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Area Profiles


In the 1890’s a siding in this area was known as “Heidelburg” or “Heidelburg Grove” it being the name given to his property by George Henry Palmateer who held 300 acres in the area in 1893. In 1915, because of World War I, the Railway Department was asked to change the name to something not of German origin. The Under Secretary for Lands proposed the name “Bickley” after a pioneer in the area and a member of the first Legislative Assembly – Samuel Wallace Alexander Walsh Bickley or Wallace Bickley, as he was more commonly known, was the original owner of 640 acres on the Canning River in 1843 and the brook which entered the Canning River at the corner of the land was known as “Bickley’s Brook”. Prior to 1949 Bickley was a stopping place on the Upper Darling Range Railway.

Perth Observatory is located here, and it is also one of the major meteorological stations within the Perth Metropolitan Area.

Canning Mills

Canning Mills was the terminus and main destination of the Upper Darling Range Railway during the early stages of its operation until 1912 when the line was extended.


The area was originally known as ‘Green’s Landing’ after a siding on the timber line. Levi Green, a well known Perth businessman, had moved into the district in 1844 and the siding was named after him. The name ‘Carmel’ was formally adopted for the siding in 1915 and for a Townsite in 1918. The name was probably first suggested by Edward Owen who had established an orchard and founded a Methodist community near Green’s property. It is a Hebrew word meaning ‘park’ or ‘garden of God’ and is also the name applied to a mountain ridge in Palestine.


Situated 15km from Perth GPO.

Local folklore suggests that the name comes from Charles Hale who settled here in 1902 and planted a crop amongst the trees. A neighbour referred to him wanting a forest and a field at the same time and the name was later applied to the area. It is believed however, to honour John or Alexander Forrest, although their connection with the area has not been established. A Forrest Field Progress Association was formed as early as 1927 and the name is shown on plans as Forrestfield for 1944.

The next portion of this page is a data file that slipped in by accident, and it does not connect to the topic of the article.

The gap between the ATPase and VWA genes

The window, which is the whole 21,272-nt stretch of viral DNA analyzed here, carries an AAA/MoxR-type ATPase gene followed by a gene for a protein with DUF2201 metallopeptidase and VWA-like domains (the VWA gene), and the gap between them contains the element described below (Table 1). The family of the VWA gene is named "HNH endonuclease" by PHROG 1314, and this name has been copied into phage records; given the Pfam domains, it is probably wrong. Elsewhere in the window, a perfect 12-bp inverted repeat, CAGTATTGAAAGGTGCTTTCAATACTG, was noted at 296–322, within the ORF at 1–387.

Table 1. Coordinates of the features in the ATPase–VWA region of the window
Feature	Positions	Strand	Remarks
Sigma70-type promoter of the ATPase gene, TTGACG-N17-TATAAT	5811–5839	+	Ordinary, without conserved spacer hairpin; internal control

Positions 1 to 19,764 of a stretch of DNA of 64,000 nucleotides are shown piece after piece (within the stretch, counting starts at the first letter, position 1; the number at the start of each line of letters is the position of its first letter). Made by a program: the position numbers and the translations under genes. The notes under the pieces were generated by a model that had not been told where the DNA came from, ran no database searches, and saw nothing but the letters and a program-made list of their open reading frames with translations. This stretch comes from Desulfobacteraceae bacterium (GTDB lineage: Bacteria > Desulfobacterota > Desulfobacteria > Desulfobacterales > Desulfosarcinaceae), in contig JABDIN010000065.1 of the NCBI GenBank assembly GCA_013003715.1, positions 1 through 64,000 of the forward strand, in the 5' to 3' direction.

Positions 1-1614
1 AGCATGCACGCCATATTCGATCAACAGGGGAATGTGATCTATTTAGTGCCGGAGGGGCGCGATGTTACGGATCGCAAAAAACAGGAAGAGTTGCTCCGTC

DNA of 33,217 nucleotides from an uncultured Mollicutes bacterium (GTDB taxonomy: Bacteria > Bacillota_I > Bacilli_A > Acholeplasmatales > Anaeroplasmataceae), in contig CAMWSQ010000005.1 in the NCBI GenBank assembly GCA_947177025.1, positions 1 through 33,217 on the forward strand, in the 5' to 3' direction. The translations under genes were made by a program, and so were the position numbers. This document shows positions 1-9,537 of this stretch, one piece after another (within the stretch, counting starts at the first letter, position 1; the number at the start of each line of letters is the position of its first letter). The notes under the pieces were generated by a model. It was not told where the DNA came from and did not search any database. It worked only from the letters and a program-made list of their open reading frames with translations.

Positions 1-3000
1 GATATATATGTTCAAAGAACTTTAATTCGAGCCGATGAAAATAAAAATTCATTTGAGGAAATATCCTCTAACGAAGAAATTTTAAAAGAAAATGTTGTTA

The suburb is split by Roe Highway into a southern residential area and a northern industrial area.


  • Forrestfield Forum – On Hale Road and Strelitzia Avenue. There is ample parking, a Woolworths, a Coles and a collection of other retail stores.
  • Edinburgh Road Shopping Centre – On Cumberland Road, containing a Foodworks Supermarket, a newsagency, a hairdresser and some dining and fast food centres. The complex is open after regular business hours.


Hartfield Park Recreation Centre – complex includes indoor stadium as well as playing fields for cricket, rugby, AFL, hockey, soccer and more.

Gooseberry Hill

Situated 25km from the Perth GPO.

The suburb contains the Gooseberry Hill National Park and the Zig Zag railway formation. This suburb takes its name from the hill of this name, recorded by Surveyor Ranford in 1878. It is believed to be derived from the fact that Cape Gooseberries thrived in the area and had been used as early as 1861.

Hacketts Gully

Hacketts Gully was officially named in 1972 and commemorates an early settler and market gardener, Thomas Hackett.

High Wycombe

Situated 15km from Perth GPO.

This suburb was formerly part of Maida Vale and was officially named in 1978. The name was introduced by a subdivider “Western Agencies” in 1958. One of the partners in the firm instigated the name, which was that of a village in Buchinghamshire, England, his birth place.

The main roads in High Wycombe are Newburn Road, Kalamunda Road, Wittenoom Road, Maida Vale Road and Roe Highway.


  • High Wycombe Primary School, Newburn Road (public school)